He can take any job he wants in whatever city, eat what he wants, and do what he wants with the money. Having Lennie around was the same as taking a small child with him everywhere and hindered him in many ways. George also started off as a bit antisocial and standoff-ish. He would stick to Lennie mainly and play solitaire rather than fully engaging in conversation with the other workers. Towards the end of the novel he would talk to the other men as they would compete or he would gather around with them and gossip. “You wouldn’ tell? No, course you wouldn’” He starts confiding in other people like Slim and Candy.
He starts to have the social life that he once longed for – He would leave Lennie and go with “all the boys…into town” He started to be more independent from Lennie at these points. All this came to and end though when Lennie killed Curley’s wife, because he then needed to move on. Although, it came to where some of the other men were friendly and would go so far as to console George after he shot Lennie. Although George was always Lennie’s paternal/fraternal figure, Lennie’s immense size would protect George physically, from harm that could befall him.
At the end of the novel it turned into where George had to protect Lennie from being shot by Curley – which he did in the way that he killed Lennie himself – as if it were a mercy killing. “You hadda, George. I sear you hadda. ” If George didn’t want his friend to suffer he had to protect him and his dignity by shooting Lennie himself – this showed tremendous growth in it’s own way. One very large development in George is in the way he interacted with Lennie. He had once admitted to Slim that he has “beat the hell out of him. ” Of course, now that they travel together George and Lennie get along with much more ease.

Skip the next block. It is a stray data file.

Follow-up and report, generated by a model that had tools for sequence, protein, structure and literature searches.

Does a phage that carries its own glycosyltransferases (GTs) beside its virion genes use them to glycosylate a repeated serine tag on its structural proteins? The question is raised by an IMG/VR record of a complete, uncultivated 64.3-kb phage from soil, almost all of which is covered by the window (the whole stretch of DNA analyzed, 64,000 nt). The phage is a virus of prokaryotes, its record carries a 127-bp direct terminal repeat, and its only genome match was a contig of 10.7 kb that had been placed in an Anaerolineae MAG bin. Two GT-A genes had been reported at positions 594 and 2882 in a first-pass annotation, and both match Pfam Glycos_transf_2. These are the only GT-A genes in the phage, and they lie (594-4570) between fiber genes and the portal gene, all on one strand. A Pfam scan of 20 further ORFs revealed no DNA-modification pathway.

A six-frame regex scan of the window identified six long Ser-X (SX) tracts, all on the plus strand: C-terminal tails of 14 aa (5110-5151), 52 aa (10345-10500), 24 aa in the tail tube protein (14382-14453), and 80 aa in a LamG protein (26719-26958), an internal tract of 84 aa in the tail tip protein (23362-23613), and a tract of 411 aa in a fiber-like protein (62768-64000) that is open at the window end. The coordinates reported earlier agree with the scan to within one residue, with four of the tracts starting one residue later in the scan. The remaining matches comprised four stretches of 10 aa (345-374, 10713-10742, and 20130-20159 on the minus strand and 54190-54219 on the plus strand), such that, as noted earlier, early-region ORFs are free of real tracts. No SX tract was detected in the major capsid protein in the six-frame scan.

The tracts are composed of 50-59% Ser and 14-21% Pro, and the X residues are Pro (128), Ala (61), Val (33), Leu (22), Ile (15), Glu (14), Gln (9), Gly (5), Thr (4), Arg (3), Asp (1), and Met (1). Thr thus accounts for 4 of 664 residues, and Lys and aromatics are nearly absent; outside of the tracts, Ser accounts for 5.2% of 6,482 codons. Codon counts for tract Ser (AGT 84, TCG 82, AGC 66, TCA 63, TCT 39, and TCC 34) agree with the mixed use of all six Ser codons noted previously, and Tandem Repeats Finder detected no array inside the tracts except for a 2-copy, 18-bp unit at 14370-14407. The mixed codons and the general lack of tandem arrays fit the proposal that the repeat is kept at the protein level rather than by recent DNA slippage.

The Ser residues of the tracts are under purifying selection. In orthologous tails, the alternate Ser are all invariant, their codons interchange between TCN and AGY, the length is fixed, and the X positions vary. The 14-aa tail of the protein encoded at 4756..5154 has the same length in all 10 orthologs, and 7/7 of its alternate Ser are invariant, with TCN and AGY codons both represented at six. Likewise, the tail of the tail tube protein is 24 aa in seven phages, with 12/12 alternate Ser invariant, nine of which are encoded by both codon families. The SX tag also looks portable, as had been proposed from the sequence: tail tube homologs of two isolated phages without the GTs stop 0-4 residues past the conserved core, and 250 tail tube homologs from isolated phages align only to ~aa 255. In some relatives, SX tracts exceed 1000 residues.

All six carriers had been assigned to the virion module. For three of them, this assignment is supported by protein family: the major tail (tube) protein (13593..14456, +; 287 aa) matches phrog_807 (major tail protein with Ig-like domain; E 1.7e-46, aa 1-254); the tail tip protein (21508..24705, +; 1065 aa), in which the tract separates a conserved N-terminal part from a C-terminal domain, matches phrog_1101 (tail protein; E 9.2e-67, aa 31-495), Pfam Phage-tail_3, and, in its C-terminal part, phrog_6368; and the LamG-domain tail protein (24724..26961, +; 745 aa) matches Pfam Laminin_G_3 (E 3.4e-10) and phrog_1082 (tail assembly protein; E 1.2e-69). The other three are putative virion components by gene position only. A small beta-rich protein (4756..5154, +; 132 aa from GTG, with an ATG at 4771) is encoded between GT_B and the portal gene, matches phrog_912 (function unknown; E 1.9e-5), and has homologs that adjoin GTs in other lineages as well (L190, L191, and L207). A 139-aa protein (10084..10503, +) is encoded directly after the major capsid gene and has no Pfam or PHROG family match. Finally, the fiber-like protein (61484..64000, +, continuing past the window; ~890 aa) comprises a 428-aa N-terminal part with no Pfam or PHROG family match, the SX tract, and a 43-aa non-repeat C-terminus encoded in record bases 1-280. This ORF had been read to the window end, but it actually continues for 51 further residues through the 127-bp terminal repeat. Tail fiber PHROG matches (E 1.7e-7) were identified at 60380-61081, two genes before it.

One thing though, he still had a very short fuse when it came to Lennie. He would yell at him for forgetting or acting like a child, or even when he couldn’t help. When it came down to it, George was much more calm and collected. He didn’t blow up when he saw that Lennie had killed Curley’s wife; instead his fraternal instincts kicked in and he tried to think of how he could help Lennie –and when he caught up with Lennie he didn’t reprimand him or yell at him. All in all, the most noticeable, but probably overlooked, change is the fact that he no longer has a dream.
So much of his life had depended on his and Lennie’s dream. The dream was a constant topic of conversation between him and Lennie (and eventually Candy as well). The stories and the planning all gone to waste because he had given up on his dream. That is the most noticeable difference. The abandonment of this fantasy changed everything and was at the heart of most of the developments seen in his character. There were multiple changes in George’s character, some blindingly obvious and some that were fairly subtle. All these changes had the same root – George’s choice to abandon his dream with Lennie and shoot his friend.See More on John Steinbeck, Novel